I admire Larry Page and Sergey Brin of Google. They demand data and manage through data and analytics. I have never understood people who try managing without data–or just latch on to one data set that seemingly justifies their ideas while ignoring other data.
Lean is another way of managing that is often ignored. Another article appeared recently about how Lean was an “old” way and had run its course. Just as some don’t understand managing by data and information, others don’t understand that Lean isn’t a program. It is a way of thinking and a way of acting. The cornerstone of Lean thinking and acting is respect for people.
These points introduce the ideas of two people whom I admire. First, Tim Sowell is an Invensys Fellow and VP of System Strategy at Invensys in the Common Architecture team in R&D.
He recently posted some ideas on his blog, Time for Information Driven Manufacturing!. Here are a couple of relevant quotes. Check out the link for his entire article.
Information Driven Manufacturing is a manufacturing strategy that combines the concepts of collaboration and value network manufacturing, building on the newer technologies to achieve and sustain a agile competitive multi plant business. A key concept to this strategy is that explicitly recognizes that avoiding change, while comfortable, may represent a bigger risk for the organization than the risk associated with introducing new solutions where appropriate. There is a different culture not taking technology for the sake of it, but an attitude that understands the need for alignment of people, value asset network (multi-plants) and business and operational processes, to reduce cost, but most of all provide a flexible manufacturing base that can adjust with market providing the necessary agility to absorb market change, acquisitions, and new products rapidly and in a cost effective manner.
The cornerstone of information driven company is the empowerment of all people in their roles, to make decisions and act as an aligned team, based upon process and business information, provided in a holistic view (across assets), contextualized, visualized so that it can be analyzed easily relative to their roles. Key is making sure this information and core data are a “Trusted system” and the leading companies are now applying consistent embedded actions to go with the information decision so that consistency in action, and reduction in skill experience are needed to achieve a consistent, timely result.
Note his points of aligning people and the tasks and that the cornerstone is the empowerment of all people in their roles.
Julie Fraser, principle of Iyno Advisors, recently wrote Why Plant Information Matters: Because People Matter.
The manufacturing execution system (MES) or manufacturing operations management (MOM) market has never been well defined, as my industry colleague Chris Rezendes of Inex Advisors points out. Most people have some notion of what it means for them, but that is a relatively recent development. In the early days I often explained it as “the control system for the people in the plant.”
You can set it up MES/MOM so operators can’t bypass proper procedures. Yet at core, it does not control but allows those people to take control. MES/MOM takes in, holds, and distributes the information that employees in the production operation need to make sound decisions and take the actions they must to keep the process in control.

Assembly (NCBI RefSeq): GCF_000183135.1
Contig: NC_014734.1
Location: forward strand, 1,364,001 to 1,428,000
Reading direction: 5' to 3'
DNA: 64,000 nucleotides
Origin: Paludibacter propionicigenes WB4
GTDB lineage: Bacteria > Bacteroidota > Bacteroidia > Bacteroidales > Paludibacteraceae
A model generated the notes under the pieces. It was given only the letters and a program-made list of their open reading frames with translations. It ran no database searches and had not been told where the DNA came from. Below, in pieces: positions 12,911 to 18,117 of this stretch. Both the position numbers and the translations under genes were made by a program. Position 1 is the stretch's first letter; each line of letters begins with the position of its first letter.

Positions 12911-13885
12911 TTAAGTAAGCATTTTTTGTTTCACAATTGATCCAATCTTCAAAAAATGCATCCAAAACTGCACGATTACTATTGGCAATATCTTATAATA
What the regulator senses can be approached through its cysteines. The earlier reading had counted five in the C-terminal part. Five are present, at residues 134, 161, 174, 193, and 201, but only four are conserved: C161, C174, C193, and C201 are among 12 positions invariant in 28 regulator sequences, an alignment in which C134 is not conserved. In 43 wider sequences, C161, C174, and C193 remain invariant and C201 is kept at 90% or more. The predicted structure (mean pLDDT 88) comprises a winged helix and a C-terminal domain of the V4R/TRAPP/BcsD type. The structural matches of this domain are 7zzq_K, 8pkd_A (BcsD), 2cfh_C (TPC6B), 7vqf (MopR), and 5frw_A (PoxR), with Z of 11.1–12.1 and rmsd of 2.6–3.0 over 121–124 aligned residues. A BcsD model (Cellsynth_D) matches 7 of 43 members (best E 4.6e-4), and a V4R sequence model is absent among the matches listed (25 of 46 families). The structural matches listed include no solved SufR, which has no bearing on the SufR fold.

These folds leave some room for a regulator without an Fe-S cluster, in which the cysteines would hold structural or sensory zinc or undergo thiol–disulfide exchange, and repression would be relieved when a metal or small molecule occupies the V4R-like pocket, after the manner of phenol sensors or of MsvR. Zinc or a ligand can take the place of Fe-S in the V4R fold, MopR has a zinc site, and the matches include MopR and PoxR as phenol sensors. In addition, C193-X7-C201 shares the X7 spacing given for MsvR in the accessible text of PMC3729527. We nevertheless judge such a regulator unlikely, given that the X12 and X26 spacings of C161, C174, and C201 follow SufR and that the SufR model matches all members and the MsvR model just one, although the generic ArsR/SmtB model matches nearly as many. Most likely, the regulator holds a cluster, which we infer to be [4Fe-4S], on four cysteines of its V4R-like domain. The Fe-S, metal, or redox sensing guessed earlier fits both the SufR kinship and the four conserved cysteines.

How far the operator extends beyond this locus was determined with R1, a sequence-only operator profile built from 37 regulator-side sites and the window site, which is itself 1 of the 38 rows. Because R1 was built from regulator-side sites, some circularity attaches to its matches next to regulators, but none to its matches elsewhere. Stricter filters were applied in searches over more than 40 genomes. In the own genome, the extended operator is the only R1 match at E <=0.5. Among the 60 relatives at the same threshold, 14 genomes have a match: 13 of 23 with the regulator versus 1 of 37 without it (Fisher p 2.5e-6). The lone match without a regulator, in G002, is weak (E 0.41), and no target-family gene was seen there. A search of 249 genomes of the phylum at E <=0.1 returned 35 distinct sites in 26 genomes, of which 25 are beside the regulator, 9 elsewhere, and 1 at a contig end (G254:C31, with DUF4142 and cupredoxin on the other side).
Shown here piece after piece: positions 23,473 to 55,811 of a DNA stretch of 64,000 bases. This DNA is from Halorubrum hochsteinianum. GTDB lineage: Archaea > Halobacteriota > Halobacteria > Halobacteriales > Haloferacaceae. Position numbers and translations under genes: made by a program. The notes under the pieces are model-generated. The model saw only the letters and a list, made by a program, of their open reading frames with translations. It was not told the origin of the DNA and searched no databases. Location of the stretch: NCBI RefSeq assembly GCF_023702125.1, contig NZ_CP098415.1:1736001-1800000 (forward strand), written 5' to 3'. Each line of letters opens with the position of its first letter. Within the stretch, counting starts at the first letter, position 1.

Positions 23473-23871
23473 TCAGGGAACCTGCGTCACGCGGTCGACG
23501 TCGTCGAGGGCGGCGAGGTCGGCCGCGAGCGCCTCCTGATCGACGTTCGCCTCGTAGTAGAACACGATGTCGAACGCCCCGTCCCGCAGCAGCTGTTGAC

The distinction is important. Many industrial companies have a shortage of skilled workers. Part of that is training, but much is also experience and intuition. People who work in production often have a “feel” for when things are going well and not going well – and MES/MOM delivers further information for them to check that gut feel.
Given the appropriate information, production employees will improve the performance of their line, area, and facility. So having the end-to-end view of what’s happening, what’s coming next, what’s going well and not so well can really provide a foundation for the success not only of the employee and that team, but of the company.
Once again, we have a thought leader discussing providing information so that employees are empowered to do their jobs better. The more I travel to technology conferences, the more things I see that have that same common goal. This can only mean good things for manufacturing–if management can just figure out how to get it done.
I have put a few data collection systems into manufacturing plants in my area, and the biggest problem I have seen is a lack of definition on the front end. It is pretty easy to get just about any kind of information imaginable out of production machinery, but often management sets a budget before determining what information they need.
As an example: most machines are specified with OEE capability built in, but they may not have event/duration capability programmed. The people that set up SCADA and MES information systems are not necessarily the same people who can modify the machine’s program safely, so the data acquired is by default whatever is easily available. In other cases data is acquired by operator entry, which is usually not very accurate.
Careful planning on the front end before establishing a budget can save a lot of headache and disappointment later on.
Good points Frank. So much of that was taught to me in the late 70s. And it is still relevant–and overlooked. Automated data entry really helps in the purity of data. Operator input or manual collection leads to errors and misjudgements.